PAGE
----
Posted by Trent Telenko on December 7th, 2012 (All posts by Trent Telenko)
It isn’t often that a book utterly alters my understanding of the past, but the book “ECHOES OVER THE PACIFIC — An overview of Allied Air Warning Radar in the Pacific from Pearl Harbor to the Philippines Campaign” by Ed Simmonds and Norm Smith has done just that for me regards for both WW2 in general, and for today, Pearl Harbor.
ECHOS is the story of Australian and wider Aglosphere efforts to field radar in the Pacific during WW2. I am still reading it at page 60 of under 300 pages — but it has these passages regards Pearl Harbor:
Page 18 —
The following is summarised from Radar in WWII by Henry E Guerlac and an article ‘The
Air Warning Service and The Signal Company, Aircraft Warning, Hawaii’ by Stephen L
The strategic importance of Oahu was recognised in late 1939 and the Air Warning Service
(AWS) was to provide warning of approaching enemy aircraft using the newly developed
Extensive negotiations were needed as the sites, for the three SCR271s received in Hawaii on
3 June 1941, were located on land owned by either the Department of Interior National Parks
Service or the Territory of Hawaii. In addition access roads, power supply, water supply,
buildings et cetera had to be constructed – which occasioned even further delay. The net
result was that none of the SCR271s had been installed by 7 December 1941 !
Six mobile SCR270Bs arrived in Hawaii on 1 August 1941 and were shortly thereafter put
into operation because very little site preparation was required. Extensive testing of the sets
was carried out in the next few months on installations at Kaaawa, Kawailoa, Waianae and
Koko Head, Schofield Barracks and Fort Shafter.
On 27 September 1941 the SCR270Bs were tested in an exercise which, in retrospect,
resembled to a remarkable degree the actual attack of 7 December. The exercise began at
0430 hours. Attacking planes were detected by the equipment at Waianae and Koko Head as
they assembled near the carrier from which they had taken off 85 miles away. When they had
assembled, the planes headed for Hawaii. The ‘enemy’ were clearly seen on the cathode ray
tube and fighter aircraft were notified within about six minutes. They took off and intercepted
the incoming bombers at about 25 miles from Pearl Harbour.
Under the control of the Signal Corps, Air Warning, Hawaii, the Schofield training SCR270B
was moved to the site at Opana about two weeks before the attack on Pearl Harbour. The
construction of a temporary Combat Information Centre (CIC) was in progress and training
of the personnel at the centre was under way with reporting coming from six mobiles
SCR270Bs. Ironically the program was to hand the CIC over to the Air Corps when the
installation had been completed and the personnel had been properly trained – scheduled for
about two weeks after Pearl Harbour.
And from page 38 —
A training period for operators of the SCR270Bs and the Combat Information Centre was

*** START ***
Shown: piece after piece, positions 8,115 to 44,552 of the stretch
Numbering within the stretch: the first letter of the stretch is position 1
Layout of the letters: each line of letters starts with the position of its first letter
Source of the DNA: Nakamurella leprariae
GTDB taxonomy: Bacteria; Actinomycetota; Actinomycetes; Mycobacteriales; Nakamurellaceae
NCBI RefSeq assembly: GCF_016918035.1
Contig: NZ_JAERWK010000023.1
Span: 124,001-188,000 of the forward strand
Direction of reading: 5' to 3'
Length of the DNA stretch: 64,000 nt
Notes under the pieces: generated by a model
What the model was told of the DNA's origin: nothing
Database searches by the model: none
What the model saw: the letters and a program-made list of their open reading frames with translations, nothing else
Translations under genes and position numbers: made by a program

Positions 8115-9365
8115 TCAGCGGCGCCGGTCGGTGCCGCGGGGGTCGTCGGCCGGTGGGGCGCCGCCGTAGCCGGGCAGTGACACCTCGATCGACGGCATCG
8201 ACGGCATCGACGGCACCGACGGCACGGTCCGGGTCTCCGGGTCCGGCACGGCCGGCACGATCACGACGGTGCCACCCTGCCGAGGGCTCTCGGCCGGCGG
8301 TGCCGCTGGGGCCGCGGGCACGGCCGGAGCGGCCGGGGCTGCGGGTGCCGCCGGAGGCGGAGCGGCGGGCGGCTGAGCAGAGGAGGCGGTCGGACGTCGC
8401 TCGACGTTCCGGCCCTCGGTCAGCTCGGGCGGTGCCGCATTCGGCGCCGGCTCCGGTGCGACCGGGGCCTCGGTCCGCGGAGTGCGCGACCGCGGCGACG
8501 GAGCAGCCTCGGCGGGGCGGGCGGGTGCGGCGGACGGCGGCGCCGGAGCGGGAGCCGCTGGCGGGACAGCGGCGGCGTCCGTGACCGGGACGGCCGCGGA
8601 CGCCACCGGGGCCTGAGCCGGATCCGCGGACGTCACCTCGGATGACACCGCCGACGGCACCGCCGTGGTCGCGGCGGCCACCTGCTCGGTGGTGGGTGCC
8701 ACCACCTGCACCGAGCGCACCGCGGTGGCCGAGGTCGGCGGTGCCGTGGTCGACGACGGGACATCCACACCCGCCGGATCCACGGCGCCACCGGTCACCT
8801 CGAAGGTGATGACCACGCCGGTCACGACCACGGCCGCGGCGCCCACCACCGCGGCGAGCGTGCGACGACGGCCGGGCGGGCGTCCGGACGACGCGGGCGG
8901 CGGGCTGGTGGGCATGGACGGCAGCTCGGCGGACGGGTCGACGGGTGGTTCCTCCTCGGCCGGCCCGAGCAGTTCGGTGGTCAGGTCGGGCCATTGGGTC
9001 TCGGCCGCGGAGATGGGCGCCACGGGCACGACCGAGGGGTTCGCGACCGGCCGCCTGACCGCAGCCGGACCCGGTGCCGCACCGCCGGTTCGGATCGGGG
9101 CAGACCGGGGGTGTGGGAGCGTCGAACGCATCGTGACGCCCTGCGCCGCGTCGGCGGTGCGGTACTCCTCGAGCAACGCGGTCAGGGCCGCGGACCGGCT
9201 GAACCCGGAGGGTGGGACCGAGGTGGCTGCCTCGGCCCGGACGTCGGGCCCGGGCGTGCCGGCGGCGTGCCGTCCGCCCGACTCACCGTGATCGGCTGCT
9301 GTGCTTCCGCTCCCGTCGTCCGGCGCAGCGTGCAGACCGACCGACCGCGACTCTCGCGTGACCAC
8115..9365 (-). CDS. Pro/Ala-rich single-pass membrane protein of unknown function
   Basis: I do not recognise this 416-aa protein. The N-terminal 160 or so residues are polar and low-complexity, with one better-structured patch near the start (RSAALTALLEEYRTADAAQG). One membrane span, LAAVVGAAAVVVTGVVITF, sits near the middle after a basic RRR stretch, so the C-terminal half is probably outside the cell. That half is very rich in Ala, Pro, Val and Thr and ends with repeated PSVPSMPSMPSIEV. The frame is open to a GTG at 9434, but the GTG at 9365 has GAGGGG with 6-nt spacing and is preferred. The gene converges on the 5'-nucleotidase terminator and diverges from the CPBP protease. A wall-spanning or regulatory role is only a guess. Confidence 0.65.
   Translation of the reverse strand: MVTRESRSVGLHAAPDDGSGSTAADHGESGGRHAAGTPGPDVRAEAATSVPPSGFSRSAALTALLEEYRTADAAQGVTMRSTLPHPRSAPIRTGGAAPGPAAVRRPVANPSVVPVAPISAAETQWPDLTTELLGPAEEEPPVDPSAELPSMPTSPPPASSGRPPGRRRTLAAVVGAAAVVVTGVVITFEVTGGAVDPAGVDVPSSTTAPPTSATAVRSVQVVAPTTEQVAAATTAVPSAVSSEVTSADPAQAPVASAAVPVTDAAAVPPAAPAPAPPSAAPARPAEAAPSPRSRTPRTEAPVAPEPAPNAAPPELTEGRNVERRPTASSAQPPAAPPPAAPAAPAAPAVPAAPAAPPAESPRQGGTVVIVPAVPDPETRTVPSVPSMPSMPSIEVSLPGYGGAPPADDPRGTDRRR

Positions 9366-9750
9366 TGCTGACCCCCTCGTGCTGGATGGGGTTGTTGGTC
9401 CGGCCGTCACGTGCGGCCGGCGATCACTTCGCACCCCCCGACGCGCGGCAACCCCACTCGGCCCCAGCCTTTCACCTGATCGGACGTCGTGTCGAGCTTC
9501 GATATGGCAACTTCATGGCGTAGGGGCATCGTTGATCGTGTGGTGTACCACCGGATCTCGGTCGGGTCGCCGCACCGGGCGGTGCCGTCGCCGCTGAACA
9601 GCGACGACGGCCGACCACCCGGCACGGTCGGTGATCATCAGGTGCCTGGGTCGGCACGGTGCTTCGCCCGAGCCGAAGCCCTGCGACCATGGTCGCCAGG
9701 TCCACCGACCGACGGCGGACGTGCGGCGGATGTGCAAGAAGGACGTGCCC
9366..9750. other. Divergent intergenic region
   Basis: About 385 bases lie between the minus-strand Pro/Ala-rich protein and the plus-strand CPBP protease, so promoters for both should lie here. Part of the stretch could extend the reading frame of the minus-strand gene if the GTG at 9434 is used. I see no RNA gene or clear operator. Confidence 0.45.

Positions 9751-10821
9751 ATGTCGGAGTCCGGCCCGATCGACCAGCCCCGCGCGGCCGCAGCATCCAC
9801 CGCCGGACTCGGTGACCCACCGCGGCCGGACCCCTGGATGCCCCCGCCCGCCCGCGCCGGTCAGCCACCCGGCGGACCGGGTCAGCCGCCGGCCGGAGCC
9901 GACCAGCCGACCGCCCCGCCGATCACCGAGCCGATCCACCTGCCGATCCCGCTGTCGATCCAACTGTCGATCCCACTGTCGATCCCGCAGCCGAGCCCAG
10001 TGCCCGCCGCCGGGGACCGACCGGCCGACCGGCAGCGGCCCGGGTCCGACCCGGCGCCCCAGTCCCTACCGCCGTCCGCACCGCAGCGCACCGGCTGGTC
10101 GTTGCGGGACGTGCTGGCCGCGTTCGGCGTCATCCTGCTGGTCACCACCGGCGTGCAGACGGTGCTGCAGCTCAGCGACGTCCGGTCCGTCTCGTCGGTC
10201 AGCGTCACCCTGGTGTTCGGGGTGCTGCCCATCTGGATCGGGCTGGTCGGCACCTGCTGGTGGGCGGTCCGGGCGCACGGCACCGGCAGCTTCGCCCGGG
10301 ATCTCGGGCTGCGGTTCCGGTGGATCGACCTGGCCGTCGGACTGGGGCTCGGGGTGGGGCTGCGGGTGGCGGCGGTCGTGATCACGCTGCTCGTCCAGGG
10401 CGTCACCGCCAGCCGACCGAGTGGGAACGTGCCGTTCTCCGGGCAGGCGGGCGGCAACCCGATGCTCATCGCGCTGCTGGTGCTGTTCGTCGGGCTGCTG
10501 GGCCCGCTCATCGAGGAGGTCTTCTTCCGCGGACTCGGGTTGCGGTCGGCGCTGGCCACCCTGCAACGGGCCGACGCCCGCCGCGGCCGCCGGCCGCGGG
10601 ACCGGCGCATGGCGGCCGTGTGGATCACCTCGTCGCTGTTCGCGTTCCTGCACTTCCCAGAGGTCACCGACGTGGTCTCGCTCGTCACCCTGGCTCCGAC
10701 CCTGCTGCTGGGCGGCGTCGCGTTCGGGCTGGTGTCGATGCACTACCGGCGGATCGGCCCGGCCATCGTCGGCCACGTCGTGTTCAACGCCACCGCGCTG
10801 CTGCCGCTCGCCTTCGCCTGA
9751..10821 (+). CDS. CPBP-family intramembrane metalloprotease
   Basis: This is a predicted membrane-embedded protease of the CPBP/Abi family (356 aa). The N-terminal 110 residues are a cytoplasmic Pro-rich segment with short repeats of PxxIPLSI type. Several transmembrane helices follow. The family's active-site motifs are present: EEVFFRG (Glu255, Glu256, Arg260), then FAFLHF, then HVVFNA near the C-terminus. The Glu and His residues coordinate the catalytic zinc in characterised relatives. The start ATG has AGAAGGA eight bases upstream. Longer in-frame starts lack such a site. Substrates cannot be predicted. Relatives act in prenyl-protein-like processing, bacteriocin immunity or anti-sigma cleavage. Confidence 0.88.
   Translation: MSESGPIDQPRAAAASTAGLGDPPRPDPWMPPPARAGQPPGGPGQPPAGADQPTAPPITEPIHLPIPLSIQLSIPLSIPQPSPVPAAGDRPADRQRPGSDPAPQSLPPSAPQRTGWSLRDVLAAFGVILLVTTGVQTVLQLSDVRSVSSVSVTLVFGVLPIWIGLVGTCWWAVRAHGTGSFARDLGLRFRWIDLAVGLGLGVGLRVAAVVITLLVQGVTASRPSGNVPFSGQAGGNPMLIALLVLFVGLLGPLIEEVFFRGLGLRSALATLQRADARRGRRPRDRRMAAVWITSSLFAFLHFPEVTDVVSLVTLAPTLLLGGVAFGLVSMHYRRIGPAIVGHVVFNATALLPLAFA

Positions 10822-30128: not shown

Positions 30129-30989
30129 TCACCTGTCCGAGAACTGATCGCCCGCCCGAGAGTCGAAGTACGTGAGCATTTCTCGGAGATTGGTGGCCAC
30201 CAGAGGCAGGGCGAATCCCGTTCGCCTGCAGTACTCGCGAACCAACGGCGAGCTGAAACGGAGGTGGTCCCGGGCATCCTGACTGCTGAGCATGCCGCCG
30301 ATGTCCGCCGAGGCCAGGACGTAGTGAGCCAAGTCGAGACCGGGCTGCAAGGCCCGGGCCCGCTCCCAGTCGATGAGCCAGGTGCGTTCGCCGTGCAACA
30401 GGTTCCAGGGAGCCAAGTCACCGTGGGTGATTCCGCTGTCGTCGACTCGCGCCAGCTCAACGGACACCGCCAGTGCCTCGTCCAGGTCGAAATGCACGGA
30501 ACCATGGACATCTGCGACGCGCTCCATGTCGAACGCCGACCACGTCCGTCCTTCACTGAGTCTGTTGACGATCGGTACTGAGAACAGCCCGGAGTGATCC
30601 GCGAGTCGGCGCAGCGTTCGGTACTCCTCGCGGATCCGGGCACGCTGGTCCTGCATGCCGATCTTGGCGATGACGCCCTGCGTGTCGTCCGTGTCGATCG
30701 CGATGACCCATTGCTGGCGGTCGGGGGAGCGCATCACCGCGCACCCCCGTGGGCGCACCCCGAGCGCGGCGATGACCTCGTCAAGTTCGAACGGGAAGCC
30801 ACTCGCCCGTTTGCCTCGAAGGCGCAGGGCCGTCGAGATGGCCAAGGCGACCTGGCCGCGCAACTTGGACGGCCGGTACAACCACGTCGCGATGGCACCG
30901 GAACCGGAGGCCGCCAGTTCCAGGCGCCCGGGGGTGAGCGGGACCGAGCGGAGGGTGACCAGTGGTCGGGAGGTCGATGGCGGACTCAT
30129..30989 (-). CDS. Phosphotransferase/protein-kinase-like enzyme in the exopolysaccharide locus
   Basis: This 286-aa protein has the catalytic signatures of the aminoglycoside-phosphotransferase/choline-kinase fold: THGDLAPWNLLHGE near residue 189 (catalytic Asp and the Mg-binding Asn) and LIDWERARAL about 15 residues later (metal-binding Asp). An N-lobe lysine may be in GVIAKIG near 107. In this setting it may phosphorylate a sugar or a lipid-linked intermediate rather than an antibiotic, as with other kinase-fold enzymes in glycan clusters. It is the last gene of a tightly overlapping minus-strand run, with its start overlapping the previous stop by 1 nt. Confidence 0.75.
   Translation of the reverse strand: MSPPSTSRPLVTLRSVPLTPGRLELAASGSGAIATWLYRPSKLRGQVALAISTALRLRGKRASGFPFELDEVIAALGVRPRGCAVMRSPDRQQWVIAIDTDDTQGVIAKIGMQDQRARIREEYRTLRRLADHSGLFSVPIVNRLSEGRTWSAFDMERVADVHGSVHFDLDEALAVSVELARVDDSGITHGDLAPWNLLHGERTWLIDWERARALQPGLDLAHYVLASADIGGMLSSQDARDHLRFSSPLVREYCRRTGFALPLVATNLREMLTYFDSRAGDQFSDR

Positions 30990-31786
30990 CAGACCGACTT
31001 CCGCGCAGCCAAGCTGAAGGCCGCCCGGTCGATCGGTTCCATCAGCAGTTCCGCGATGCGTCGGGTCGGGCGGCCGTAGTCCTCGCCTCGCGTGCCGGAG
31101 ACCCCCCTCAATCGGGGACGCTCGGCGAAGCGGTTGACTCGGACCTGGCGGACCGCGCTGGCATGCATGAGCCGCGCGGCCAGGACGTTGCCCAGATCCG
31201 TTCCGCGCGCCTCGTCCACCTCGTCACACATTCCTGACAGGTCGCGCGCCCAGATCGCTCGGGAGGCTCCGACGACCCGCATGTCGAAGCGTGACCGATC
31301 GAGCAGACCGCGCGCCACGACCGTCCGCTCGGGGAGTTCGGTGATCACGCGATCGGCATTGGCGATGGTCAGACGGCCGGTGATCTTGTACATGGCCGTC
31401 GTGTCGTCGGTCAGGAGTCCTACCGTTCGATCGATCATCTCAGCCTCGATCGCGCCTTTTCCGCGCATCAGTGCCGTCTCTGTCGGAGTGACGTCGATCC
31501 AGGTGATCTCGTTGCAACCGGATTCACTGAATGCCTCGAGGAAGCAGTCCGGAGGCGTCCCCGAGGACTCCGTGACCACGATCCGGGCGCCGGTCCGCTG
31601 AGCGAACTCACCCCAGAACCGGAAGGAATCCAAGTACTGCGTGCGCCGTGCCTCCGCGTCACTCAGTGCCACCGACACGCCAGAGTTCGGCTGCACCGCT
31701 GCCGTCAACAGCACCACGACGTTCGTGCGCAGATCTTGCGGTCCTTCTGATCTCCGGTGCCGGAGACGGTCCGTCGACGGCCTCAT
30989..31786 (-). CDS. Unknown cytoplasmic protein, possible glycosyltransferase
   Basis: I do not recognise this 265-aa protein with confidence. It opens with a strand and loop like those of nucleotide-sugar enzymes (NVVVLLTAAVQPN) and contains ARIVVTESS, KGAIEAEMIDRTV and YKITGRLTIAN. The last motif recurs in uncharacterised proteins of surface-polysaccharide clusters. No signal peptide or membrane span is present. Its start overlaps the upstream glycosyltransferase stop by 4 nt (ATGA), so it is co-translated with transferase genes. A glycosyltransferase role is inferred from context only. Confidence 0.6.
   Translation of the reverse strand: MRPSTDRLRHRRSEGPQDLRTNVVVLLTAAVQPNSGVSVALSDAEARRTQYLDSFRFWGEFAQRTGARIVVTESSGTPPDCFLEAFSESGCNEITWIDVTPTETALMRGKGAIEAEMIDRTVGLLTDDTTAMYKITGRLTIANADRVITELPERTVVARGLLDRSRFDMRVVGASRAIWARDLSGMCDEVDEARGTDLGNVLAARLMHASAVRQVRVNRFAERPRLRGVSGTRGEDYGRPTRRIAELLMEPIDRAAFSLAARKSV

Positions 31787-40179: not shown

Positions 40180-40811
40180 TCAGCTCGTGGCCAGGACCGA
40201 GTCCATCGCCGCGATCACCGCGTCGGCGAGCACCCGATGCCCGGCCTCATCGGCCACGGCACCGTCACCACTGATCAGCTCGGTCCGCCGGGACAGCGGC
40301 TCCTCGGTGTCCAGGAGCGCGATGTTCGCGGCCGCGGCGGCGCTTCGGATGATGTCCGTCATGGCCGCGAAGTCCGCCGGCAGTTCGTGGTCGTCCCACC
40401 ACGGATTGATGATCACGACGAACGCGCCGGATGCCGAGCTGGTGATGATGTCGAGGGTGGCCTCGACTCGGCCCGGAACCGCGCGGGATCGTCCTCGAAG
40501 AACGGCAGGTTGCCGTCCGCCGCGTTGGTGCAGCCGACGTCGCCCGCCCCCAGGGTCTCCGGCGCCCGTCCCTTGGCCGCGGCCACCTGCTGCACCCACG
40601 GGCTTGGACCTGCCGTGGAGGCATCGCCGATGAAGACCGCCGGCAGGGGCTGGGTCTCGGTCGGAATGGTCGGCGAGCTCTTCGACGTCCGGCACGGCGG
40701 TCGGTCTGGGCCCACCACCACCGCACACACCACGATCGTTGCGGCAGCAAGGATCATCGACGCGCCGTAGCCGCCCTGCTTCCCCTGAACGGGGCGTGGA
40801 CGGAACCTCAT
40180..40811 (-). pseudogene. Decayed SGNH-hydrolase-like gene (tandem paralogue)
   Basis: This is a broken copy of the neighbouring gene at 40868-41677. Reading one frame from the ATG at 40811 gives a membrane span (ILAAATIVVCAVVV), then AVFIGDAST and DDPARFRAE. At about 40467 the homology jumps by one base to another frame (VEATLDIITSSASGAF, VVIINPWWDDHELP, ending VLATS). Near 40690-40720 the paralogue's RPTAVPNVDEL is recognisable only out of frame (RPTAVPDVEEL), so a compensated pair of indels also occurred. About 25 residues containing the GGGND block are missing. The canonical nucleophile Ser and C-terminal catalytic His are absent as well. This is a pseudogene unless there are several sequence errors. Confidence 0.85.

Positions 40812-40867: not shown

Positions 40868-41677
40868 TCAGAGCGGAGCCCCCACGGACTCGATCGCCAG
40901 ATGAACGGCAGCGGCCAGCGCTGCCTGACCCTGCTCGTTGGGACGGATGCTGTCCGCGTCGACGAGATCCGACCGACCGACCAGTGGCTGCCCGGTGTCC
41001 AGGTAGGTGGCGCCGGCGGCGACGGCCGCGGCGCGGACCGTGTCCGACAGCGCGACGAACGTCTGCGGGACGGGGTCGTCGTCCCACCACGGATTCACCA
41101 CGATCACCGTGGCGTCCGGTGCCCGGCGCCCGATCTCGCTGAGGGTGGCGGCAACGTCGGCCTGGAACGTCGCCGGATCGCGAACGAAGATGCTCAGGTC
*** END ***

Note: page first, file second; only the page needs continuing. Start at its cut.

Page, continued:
scheduled for Sunday morning, between 0400 and 0700 hours, on 7 December 1941. There
were two operators at the Opana site, George Elliot a recent transferee from the Air Corps,
and Joseph Lockard.23 Because the supply truck did not arrive on time Lockard decided to
give Elliott some more training on the SCR270B.
At 0702 hours a huge echo, almost due north of Opana at a range of 137 miles, appeared on
the screen. Lockard immediately checked the equipment to ensure that it was functioning
properly since it was a maximum size or saturation echo. Having established that it was
indeed moving and needed to be reported, efforts were made to report it to the plotters at the
Information Centre but these proved to be fruitless as the Centre had closed down.
Eventually, on another phone, a Lt Kermit A Tyler was spoken to and he told Lockard not to
worry even though it was a huge echo and travelling towards Oahu – mention was later made
about a flight of B17s being expected.
Plotting continued until 0740 hours when the supply truck finally arrived at which time the
aircraft had disappeared in the Permanent Echoes (PEs) at a range of 20 miles. These PEs
were the result of back radiation from the antenna as the mountains were behind the radar set.
The unit was closed down, the men boarded the truck and proceeded towards Kawailoa for
breakfast meeting another truck travelling at high speed towards the SCR270B. On reaching
the camp they learned that Pearl Harbour had been attacked by the Japanese thereupon they
realised that they had plotted the enemy approaching Hawaii for more than half an hour.
In his reminiscences Lockard summed up the situation:
The incident at Opana is one of those ‘what if’ footnotes in history… What if
the attacking planes had left their carriers 15 minutes earlier?
The book details the similar “misuse of radar” disaster that befell British airpower in Malaya and the organizational failings of American radar units in the Philippines.
But for minutes of reaction time, effective resistence to the Japanese was lost across the Pacific. It is a lesson well worth remembering on “Pearl Harbor Day” seventy-one years on.